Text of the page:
There are a
number of issues and controversies which now face educators and communities.
Among them are discipline and security; race, ethnicity, and equality; end of
common core; transgender bathrooms; and public versus private
education. All these issues could end up in court at some point due to
disagreement and dissention in schools and communities.
Discipline and security
Violence in schools have increased,
as the free expression of violence in society has increased. In times past,
only schools in inner-cities or rural areas worried about severe violent
behavior. School shootings in very small towns from California to New York, in all schools in the USA and districts, however diminutive, are compulsory to
now straightforwardly address the increased occurrences of school violence. Educators
have been shocked to find children of all ages arriving armed as they enter
school halls. Schools have responded decisively.
Many school districts have begun staying
closed campuses to diminish the threat from strangers or unauthorized persons
gaining access. Other districts necessitate that all persons on campus wear
identification in all areas. Schools
have been forced to take more drastic measures when students come armed. Many
conduct random searches (Oulton, Dillon, & Grace, 2004) or have installed metal detectors. While some people question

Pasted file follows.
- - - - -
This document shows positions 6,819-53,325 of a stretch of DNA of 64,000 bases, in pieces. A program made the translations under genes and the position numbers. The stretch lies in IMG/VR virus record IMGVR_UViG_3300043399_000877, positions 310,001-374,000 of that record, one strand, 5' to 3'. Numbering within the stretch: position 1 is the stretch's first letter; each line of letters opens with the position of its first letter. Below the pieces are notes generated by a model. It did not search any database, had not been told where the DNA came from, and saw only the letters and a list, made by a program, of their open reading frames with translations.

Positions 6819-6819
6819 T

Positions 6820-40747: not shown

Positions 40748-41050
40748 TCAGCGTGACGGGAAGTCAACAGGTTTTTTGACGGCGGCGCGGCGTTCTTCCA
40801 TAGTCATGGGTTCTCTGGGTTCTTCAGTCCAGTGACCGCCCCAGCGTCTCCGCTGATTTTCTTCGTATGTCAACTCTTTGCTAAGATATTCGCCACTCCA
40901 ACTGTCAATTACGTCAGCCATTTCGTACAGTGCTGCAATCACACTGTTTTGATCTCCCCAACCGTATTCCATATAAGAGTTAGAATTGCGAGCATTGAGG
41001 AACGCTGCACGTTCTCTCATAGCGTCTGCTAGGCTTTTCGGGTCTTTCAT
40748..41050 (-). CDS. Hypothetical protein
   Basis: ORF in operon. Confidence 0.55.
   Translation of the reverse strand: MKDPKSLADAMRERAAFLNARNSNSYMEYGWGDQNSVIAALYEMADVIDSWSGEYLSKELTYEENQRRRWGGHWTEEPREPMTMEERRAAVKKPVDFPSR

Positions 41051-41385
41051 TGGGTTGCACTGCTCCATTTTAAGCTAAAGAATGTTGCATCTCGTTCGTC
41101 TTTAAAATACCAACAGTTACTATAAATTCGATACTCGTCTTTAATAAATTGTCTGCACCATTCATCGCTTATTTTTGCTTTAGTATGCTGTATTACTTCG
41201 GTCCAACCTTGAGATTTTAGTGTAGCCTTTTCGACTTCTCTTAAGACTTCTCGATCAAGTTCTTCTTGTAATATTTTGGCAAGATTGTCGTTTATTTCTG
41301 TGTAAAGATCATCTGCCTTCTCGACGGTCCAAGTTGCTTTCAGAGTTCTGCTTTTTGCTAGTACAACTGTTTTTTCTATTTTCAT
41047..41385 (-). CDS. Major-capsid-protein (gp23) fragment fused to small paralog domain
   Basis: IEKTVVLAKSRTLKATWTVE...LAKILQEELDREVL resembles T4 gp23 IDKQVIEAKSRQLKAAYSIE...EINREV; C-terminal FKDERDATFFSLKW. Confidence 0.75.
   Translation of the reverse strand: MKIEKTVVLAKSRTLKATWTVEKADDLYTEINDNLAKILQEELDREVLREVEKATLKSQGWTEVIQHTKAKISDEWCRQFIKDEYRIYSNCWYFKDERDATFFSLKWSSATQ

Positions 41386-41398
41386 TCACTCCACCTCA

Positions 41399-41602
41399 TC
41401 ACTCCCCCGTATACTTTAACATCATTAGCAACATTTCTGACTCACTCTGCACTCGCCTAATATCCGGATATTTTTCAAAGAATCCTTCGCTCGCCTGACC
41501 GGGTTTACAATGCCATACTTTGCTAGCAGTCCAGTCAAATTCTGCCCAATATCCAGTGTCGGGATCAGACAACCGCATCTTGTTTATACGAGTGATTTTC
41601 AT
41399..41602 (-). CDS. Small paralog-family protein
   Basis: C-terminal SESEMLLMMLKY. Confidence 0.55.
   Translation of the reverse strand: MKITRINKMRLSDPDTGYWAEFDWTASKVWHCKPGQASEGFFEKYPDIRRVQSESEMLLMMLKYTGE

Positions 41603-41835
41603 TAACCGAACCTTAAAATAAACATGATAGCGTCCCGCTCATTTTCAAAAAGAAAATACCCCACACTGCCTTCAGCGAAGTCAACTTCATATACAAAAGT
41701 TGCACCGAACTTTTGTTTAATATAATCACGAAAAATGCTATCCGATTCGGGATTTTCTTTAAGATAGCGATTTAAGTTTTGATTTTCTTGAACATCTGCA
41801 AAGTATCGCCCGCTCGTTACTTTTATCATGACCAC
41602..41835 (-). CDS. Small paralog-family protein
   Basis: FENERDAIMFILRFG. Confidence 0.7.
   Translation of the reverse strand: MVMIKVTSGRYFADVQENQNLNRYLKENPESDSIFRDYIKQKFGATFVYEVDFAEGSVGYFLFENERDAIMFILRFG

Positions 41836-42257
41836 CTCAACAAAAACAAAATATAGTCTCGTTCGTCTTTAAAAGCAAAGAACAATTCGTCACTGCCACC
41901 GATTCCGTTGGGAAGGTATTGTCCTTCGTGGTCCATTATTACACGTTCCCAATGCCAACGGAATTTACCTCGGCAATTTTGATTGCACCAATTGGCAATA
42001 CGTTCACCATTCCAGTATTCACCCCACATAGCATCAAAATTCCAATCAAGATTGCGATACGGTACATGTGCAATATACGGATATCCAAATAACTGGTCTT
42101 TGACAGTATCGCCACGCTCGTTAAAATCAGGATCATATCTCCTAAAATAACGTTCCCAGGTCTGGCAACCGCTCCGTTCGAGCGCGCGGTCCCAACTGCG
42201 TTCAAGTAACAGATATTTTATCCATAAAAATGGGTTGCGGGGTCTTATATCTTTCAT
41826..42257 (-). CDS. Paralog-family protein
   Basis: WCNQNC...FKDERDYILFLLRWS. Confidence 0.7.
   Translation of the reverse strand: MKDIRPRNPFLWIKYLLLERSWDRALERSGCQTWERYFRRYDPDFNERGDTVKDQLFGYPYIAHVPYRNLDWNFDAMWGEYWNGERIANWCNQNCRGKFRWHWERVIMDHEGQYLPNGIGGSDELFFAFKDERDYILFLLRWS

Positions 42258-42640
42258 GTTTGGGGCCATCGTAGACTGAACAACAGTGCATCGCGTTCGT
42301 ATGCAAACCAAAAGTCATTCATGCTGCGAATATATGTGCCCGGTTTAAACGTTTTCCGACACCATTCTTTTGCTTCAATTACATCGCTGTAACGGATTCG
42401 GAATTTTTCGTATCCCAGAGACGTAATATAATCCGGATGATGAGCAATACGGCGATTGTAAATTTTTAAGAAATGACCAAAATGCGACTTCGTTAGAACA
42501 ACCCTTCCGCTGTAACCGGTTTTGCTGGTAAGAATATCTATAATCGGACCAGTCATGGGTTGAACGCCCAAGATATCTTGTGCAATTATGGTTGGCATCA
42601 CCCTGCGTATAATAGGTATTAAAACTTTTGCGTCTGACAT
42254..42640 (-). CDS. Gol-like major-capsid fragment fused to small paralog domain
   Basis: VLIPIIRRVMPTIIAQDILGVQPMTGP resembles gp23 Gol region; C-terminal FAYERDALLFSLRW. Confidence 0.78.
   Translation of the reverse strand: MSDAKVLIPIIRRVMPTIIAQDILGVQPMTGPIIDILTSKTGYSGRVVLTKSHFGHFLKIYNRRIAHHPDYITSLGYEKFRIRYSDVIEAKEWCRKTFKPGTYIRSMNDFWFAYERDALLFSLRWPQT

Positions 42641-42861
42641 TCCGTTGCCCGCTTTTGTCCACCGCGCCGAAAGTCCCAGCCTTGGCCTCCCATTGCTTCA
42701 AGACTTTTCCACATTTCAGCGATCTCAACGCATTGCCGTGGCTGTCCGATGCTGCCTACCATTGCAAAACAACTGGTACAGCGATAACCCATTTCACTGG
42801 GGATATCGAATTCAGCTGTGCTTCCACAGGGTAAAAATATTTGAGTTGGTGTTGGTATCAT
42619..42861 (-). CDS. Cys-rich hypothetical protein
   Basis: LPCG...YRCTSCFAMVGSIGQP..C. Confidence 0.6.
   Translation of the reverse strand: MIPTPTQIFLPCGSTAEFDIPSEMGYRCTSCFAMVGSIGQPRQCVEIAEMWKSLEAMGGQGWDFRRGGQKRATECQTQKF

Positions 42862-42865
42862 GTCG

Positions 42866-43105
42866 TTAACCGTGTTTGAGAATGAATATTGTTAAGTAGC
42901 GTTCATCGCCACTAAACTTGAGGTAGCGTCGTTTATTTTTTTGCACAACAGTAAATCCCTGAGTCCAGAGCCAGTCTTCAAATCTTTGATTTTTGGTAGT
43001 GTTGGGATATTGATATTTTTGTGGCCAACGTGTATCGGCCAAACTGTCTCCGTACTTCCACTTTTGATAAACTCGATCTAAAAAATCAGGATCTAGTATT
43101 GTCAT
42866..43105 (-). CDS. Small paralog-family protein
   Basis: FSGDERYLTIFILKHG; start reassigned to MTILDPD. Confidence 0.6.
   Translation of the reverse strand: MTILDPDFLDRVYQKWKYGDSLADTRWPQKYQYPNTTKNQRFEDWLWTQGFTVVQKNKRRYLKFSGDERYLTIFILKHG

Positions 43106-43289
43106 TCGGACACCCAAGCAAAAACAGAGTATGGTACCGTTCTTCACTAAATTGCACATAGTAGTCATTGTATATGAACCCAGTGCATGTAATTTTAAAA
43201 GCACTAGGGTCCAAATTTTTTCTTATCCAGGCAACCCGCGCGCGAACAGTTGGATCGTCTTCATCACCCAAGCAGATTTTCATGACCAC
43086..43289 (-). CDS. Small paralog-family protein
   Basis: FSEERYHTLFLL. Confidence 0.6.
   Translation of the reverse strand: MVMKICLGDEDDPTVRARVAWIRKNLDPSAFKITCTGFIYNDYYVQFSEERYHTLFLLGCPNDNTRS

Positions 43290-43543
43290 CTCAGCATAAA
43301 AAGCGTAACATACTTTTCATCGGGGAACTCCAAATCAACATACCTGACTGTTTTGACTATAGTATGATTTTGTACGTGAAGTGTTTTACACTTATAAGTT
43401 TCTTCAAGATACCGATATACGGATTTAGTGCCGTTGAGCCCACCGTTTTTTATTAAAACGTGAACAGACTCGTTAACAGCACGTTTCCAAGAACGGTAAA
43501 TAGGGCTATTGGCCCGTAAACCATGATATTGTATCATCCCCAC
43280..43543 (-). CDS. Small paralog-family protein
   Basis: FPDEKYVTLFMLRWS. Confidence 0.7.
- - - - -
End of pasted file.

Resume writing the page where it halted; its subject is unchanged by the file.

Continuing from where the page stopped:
whether or not these searches represent an illegal search and seizure, most stakeholders-
parents, students, administrators, and teachers, feel that the infringement on civil liberties
is slight given the risk involved. Educators today recognize that the problem
will not be solved by metal detectors
alone. Society needs to address the causal concern which makes children carry
weapons. Many schools include conflict resolution and anger management as a
standard element of the accepted socio-emotional curriculum. They also hold
open forums to resolve conflicts do peer resolution activities, and make
counseling more available.
Another strategy for reducing
violence, in districts large and small are beginning to require uniforms in
their schools. (Oulton, Dillon, & Grace, 2004). It has been observed that
in gang infested areas, many outbursts lead back to the clothes worn by
students. Identifying clothing, such as a particular style, color, or garment
can lead to fights and bullying. By banning gang colors and markers and then
requiring uniforms, administrators and school officials are able to prevent
much of the violence in their schools. Uniforms can also cost less than buying designer
wardrobes thereby reducing social class distinctions.
v. Forney Independent School District, Forney, Texas, a school board enforced the policy of school
uniforms. They also banned certain baggy and ill fitting clothes. Parents in
Littlefield were denied when it was requested that their children be exempted
from the policies.. (Brode, 2016). They claimed that the policy on uniforms
violated their right as parents to dictate their children’s education and
upbringing. They also claimed that it was a violation of religious freedoms, to
essentially rank the validity of religions if they weren’t allowed to opt out. The
plaintiffs appealed when the District Court dismissed the suit prior to trial.
It was ruled that while valid, the students’ rights to speech were not
violated. They also ruled that better education would override the parents’
right to control their children’s upbringing as applied to the situation school
rules derived for the sake of safety occurred.